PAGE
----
Citing religious reasons to give up a McMansion for a doublewide mobile home

Even with the criticism of McMansions, I don’t think many would follow the path of this chaplain/columnist to downsize from a McMansion to a mobile home:

The first thing I grappled with was, “Are you living within your means?”

While it sounds like a question from your financial adviser, it really gets at the spiritual issue of greed. If greed prevents you from reducing your spending, you’ll have a problem, since retirement will often cut one’s income nearly in half…

We sold our suburban home and moved into a doublewide mobile home at half the cost of our old two-story McMansion.

As the months passed, the numbers proved workable. Any greedy impulses that remained began to subside. Honestly, it wasn’t that hard to do. We were ready. Our kids were out of the nest and finished with their schooling.

However, we couldn’t have addressed the first question if we had not answered the bigger spiritual question: How much is enough?

While there are plenty of proponents of downsizing, there are two ways that this path is unique:

  1. Downsizing to a mobile home. There are few housing options less liked than McMansions but this would qualify. People think of trailer parks and lower-class residents. They think of dirty homes and lower property values. Often, the discussions of downsizing involve moving to something tasteful and/or customized. The new home may be smaller – wasting less space than the McMansion – but it is not necessarily cheap nor sacrificing much in terms of location and neighbors. For another example, those portrayed on TV as interested in tiny houses are often middle class residents who want a lot of amenities and a calmer life but don’t really want the cheapest housing possible.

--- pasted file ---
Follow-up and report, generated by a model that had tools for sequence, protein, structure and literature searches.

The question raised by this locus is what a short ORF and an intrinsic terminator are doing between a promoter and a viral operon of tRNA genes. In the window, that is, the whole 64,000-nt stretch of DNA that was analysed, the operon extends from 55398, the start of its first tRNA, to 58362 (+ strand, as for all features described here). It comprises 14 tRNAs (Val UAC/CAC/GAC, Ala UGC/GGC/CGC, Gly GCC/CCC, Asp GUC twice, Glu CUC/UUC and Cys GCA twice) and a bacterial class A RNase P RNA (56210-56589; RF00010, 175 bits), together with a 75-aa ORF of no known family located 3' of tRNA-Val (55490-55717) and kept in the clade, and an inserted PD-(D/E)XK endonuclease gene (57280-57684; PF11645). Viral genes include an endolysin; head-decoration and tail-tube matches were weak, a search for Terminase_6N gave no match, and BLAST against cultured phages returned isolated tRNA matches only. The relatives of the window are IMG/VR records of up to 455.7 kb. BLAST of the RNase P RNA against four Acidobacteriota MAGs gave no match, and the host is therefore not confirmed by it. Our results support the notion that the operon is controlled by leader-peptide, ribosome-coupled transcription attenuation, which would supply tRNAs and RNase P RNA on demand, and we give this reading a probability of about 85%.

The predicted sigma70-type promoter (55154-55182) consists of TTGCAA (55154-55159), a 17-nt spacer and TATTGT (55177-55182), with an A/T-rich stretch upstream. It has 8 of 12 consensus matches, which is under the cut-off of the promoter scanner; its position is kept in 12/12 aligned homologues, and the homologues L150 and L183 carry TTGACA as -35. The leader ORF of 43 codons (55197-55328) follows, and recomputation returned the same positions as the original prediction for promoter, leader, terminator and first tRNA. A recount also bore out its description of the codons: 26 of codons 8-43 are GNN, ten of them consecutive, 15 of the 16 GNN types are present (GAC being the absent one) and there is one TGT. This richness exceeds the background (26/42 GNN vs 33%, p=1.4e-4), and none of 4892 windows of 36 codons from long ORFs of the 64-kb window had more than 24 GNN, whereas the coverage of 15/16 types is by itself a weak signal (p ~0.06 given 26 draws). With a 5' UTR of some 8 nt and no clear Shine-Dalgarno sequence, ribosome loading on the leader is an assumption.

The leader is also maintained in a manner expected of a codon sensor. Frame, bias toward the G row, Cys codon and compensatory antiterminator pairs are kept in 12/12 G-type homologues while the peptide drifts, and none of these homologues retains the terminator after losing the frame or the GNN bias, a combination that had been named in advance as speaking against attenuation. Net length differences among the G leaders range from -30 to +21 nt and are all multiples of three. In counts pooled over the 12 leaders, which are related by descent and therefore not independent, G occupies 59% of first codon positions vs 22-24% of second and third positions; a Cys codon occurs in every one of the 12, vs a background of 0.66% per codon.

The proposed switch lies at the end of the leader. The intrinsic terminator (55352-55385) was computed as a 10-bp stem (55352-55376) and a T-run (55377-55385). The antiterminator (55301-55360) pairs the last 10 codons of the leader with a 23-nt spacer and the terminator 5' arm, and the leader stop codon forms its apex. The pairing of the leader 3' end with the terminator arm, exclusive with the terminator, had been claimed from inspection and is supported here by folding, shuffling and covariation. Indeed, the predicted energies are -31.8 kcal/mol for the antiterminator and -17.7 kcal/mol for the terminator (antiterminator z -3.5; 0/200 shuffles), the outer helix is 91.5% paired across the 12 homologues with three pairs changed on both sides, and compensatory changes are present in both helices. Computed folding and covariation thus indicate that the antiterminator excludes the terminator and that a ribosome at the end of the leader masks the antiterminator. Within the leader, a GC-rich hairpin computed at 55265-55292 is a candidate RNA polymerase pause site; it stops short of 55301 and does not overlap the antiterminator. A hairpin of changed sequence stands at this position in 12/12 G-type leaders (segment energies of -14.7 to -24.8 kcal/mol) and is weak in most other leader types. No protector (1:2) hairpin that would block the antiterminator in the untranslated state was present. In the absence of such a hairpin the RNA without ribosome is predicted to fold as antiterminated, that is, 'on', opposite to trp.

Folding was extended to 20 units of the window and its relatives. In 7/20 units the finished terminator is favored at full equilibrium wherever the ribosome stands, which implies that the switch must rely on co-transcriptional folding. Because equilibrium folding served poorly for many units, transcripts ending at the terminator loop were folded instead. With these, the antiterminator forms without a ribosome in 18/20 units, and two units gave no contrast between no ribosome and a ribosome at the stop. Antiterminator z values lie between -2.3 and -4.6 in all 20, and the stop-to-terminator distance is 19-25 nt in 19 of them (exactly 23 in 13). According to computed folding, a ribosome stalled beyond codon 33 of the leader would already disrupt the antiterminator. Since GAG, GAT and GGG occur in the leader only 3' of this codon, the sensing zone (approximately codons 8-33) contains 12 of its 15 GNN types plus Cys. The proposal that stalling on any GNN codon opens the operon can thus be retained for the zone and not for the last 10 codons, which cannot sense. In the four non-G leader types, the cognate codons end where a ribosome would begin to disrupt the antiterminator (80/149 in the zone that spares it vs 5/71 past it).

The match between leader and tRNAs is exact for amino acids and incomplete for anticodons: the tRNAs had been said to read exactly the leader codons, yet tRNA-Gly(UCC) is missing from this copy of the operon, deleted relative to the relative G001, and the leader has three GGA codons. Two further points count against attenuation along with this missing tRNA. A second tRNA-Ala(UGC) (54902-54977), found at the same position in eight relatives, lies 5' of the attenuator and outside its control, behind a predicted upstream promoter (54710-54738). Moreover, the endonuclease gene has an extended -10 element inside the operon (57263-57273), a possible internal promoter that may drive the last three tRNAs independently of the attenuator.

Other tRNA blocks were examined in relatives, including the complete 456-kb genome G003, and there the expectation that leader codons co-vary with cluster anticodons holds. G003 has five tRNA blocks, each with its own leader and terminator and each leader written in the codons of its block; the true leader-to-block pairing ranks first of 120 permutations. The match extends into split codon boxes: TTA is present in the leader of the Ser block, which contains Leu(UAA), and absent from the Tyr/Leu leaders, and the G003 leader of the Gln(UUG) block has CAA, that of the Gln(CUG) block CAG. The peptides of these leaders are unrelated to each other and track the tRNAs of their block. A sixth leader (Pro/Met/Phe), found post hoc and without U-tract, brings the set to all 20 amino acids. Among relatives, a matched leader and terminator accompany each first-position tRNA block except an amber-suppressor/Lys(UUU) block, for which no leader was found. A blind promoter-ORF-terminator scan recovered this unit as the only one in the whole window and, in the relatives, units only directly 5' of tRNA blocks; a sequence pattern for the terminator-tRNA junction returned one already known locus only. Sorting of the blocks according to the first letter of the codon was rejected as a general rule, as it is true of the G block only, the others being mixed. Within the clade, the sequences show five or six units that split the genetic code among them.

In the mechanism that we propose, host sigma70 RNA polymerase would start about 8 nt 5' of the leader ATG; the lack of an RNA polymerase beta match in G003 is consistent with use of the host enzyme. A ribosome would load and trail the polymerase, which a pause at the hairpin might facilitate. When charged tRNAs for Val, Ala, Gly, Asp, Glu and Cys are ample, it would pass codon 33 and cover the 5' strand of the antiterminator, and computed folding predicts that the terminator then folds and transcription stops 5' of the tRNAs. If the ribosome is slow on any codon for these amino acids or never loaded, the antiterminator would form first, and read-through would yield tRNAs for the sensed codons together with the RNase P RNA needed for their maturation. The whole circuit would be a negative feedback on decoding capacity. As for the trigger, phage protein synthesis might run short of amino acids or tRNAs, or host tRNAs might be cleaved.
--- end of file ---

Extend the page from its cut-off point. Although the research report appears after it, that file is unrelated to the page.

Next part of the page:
2. The choice is guided by religious values with a wish to live simply in order to avoid greed. Rather than a secular impulse to consume less (for a variety of reasons including environmental concerns, saving money for other desires such as exciting experiences, and avoiding the appearance of conspicuous consumption), this McMansion move gets at an important religious question: how much is enough? I’ve seen very few religious approaches to McMansions. An unwritten stereotype of who owns these places probably puts a lot of southern conservative Protestants into McMansions. But, there are few American religious leaders telling people not to live in places like McMansions, even if they may generally caution people to live too lavishly. (Ironically, McMansions might seem like a good deal then to many religious people because you get a lot of square footage for your money.)

In sum, propose to McMansion critics that we should swap McMansions for doublewides for religious reasons and the idea may not be greeted favorably.

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